Now that the FCC has fined Clear Channel $495,000, the next shoe to drop in the Howard Stern saga is expected to land firmly on Infinity, which airs Stern on 18 of its stations around the country. The Wall Street Journal reports that the Commission is sending a letter of inquiry to Infinity to confirm whether or not its stations aired the same material that Clear Channel did. The task may prove difficult because local affiliates have the ability to bleep out content they deem offensive and often do not keep records of material they may have dumped.
Meanwhile, the New York Post recently polled general managers of 17 Stern affiliates about their future on-air partnership with the embattled jock. The results? Only four GMs expressed unabashed support, one is on the fence, and the remaining 12 declined to comment.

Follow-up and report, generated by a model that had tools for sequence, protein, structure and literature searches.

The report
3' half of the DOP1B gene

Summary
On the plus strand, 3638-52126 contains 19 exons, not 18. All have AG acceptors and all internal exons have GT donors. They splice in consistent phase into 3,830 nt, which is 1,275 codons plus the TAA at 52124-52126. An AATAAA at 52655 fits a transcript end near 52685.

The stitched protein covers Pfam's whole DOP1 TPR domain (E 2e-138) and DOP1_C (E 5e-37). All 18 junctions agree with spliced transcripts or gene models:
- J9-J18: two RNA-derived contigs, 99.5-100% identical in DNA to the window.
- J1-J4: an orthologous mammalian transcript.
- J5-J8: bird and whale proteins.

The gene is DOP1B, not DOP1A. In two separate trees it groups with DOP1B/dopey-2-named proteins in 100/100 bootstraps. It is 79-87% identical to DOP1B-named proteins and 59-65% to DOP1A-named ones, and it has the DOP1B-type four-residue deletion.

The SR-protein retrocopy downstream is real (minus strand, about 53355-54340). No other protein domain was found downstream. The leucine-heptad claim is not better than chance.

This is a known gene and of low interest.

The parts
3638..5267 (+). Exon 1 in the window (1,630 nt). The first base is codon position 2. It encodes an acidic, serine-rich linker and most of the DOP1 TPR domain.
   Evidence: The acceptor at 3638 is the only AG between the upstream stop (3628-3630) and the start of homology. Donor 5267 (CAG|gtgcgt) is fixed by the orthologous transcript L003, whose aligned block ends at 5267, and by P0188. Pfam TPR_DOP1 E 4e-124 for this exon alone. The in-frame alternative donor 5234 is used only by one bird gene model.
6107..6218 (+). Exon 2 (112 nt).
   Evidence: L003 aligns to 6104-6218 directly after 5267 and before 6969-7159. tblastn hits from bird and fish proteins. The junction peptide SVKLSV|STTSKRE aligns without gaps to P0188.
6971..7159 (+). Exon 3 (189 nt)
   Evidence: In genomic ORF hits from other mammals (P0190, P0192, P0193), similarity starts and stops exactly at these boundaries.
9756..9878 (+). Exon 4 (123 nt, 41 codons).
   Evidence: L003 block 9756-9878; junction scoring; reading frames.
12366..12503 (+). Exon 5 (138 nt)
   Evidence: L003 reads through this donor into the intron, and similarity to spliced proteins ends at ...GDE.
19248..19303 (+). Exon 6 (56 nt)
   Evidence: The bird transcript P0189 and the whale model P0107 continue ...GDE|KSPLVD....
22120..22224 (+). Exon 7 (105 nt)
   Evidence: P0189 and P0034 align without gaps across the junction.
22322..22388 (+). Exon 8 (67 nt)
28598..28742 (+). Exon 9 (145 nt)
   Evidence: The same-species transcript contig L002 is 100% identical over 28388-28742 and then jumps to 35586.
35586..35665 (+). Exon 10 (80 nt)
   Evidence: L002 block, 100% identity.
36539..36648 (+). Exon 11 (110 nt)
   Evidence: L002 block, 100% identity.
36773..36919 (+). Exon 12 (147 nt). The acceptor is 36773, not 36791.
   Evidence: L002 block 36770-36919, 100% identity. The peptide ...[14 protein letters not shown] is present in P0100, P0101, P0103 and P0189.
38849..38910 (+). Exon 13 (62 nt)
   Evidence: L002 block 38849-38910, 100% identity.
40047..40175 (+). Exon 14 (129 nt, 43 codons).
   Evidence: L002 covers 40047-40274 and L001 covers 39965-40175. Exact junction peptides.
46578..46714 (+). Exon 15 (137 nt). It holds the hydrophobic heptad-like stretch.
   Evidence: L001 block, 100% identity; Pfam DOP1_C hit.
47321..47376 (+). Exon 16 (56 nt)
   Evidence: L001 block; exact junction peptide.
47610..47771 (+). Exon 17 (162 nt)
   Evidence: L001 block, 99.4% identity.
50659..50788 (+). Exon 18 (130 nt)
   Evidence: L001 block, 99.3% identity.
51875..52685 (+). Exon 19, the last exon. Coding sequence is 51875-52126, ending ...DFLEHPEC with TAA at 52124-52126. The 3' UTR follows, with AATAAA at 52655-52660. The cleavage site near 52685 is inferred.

"He has the highest rated program on any station at any time in Atlantic City," WJSE owner Al Parinello told the Post's John Mainelli. "According to the FCC, I guess [the ratings] mean everybody here is indecent and frankly, that appalls me."
WCCC/Hartford's Boyd Arnold vowed to "have Howard on as long as Infinity makes him available." But WXLO/Lexington's Charles Cohn told the paper, "We're just evaluating everything right now - we're looking at what all our options are."
Meanwhile, the complainant behind Stern's latest fine is Coral Gables, Fla. lawyer John B. Thompson, a self-described "all purpose crusader" against adult entertainment "affecting children." Thompson heard the April 9, 2003 Stern show on WBGG in Ft. Lauderdale and filed the complaint that triggered the FCC's half-million dollar fine against Clear Channel. Thompson, who regularly files television and radio complaints with the FCC, told the South Florida Sun-Sentinel that he expects the FCC to fine Infinity for the same show. "They can't whack Clear Channel and not whack Infinity," he told the paper.